Who may request a cognitive and or learning assessment and why?
Parents, school counselors or guidance officers, general practitioners (GPs), paediatricians and child psychiatrists commonly refer young clients to child psychologists for a cognitive or learning assessment if the child is experiencing learning problems at school. These assessments can ascertain whether they have any learning problems that may be causative or contributing to a clinical presentation and to aid in accurate clinical formulation and treatment planning.
What does the assessment involve?
- If you haven’t already attended an initial interview at which you provided a background history an
initial interview of one hour will be needed for the psychologist to collect this information. It is
helpful if you can bring along copies of your child’s school reports and any other reports you may
have pertaining to your child’s difficulties from other professionals. This interview is usually held at
our rooms but can be held at school if special arrangements are made. After discussion with you in
this initial appointment the psychologist can advise and plan with you the best assessment process
based on the needs of your child.
- Sometimes it’s important to have an introductory one hour appointment with your child before
starting the formal testing, particularly if they experience anxiety, as this will increase the likelihood
of your child being comfortable, whilst also allowing for valuable clinical observation of your child.
- A standard cognitive and learning assessment usually involves three to five hours of testing on
standardized cognitive and learning assessment tools such as the Wechsler Intelligence Scales and
the Wechsler Individual Achievement tests. Sometimes it may be necessary to complete other
specific tests like behavioural questionnaires or specific memory testing which may require more
- All assessment results are compiled in a detailed psychological report with a summary of relevant
background information and history, clinical observations, test results prepared and analysed by the
psychologist. The substantial report also includes recommendations for parents, GPs, teachers in
relation to academic, social, behavioural and emotional functioning. This analysis and preparation
of the report usually requires between three to four hours of the psychologist’s time,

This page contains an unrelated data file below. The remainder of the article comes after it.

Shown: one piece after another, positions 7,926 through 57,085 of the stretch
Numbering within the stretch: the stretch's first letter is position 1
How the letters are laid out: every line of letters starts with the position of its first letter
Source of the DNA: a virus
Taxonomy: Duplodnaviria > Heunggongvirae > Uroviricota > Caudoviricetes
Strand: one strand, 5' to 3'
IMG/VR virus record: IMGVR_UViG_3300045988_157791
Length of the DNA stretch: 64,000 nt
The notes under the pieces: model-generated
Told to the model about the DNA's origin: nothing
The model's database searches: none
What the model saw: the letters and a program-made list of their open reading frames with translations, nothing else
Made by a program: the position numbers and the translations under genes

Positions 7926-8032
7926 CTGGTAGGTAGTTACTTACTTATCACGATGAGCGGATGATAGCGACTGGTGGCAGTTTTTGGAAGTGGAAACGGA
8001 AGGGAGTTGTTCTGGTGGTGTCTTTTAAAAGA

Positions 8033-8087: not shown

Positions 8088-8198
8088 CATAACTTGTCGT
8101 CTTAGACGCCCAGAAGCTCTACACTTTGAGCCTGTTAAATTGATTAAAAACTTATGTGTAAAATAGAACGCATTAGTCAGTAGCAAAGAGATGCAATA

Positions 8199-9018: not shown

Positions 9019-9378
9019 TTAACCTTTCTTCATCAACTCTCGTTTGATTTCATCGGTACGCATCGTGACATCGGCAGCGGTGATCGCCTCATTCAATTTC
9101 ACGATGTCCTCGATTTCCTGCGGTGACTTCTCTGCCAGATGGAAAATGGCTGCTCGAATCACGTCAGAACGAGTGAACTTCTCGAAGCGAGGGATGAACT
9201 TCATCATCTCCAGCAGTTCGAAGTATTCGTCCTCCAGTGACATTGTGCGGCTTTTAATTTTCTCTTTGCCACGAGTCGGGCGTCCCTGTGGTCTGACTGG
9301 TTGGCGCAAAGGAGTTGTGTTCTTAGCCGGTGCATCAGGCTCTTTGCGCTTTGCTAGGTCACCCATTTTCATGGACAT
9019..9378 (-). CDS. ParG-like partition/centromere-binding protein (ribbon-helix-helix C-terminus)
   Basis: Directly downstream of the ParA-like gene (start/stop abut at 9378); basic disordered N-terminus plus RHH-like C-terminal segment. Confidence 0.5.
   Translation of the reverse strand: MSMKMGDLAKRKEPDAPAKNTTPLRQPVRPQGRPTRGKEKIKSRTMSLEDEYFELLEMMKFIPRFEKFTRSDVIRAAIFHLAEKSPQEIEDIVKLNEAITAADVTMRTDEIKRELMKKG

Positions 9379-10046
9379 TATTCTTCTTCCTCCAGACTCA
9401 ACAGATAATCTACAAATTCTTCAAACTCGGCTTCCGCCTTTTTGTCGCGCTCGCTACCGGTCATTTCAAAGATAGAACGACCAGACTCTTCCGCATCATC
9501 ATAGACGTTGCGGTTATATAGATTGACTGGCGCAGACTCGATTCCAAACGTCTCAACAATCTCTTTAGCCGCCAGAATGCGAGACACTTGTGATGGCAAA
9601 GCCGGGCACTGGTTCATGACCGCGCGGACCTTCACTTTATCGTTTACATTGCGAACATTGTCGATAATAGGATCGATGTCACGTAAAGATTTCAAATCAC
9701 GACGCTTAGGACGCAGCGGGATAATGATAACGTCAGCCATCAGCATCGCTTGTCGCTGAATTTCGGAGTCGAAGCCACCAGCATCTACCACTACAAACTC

depending on how many tests are administered. The report is charged at the psychologist’s
hourly rate, plus GST.
- A one-hour feedback session is then arranged for you and sometimes your child to discuss the
results, clinical implications and recommendations. At this appointment you will be provided with a
copy of the report, however payment for the feedback session and report will be required first.
- An optional attendance at a meeting of your child’s school may be arranged to discuss the results
with educational personnel if this is something you require. This may take approximately one hour
of the psychologist’s time depending on travel time.
What are the costs?
The costs of the assessment depend on the time taken to complete the full assessment, report and
feedback session and the hourly rate of the psychologist you are consulting. The standard number of
hours with the initial interview, testing, report and feedback is approximately 9 hours, however in
complex cases when more assessments are needed and the introductory session with your child and a
school visit are necessary, then it may take up to 11 hours of the psychologists time that you will be
charged for. The costs vary, but usually fall between $1500-$2000.
Are there any Rebates available?
Cognitive and learning assessments are not able to be claimed on Medicare or Private Health funds.
The initial interviews and feedback sessions may attract a Medicare rebate with a valid Mental Health
Care Plans or with private health funds.
Specifics of Assessment Types
- Identify the child’s potential for learning (intelligence) and whether the child is in fact meeting their potential academically (reading skills, writing, spelling and mathematics);
- Provides information as to how the child is performing compared with peers and grade expectations;
- Identifies how the child learns best;
- Helps provide teachers with valuable information about how children differ in order to match the classroom teaching to the specific needs of the children;
Clinical /Diagnostic Assessment
A thorough investigation using psychological tests, parent and child interviews and parent questionnaires, to identify if a child has a childhood disorder (eg depression, AD/HD, anxiety, autism spectrum disorders, behaviour disorders, etc.)
Identifies developmental delays in language, motor skills, social and emotional skills, cognitive (thinking) and self help skills.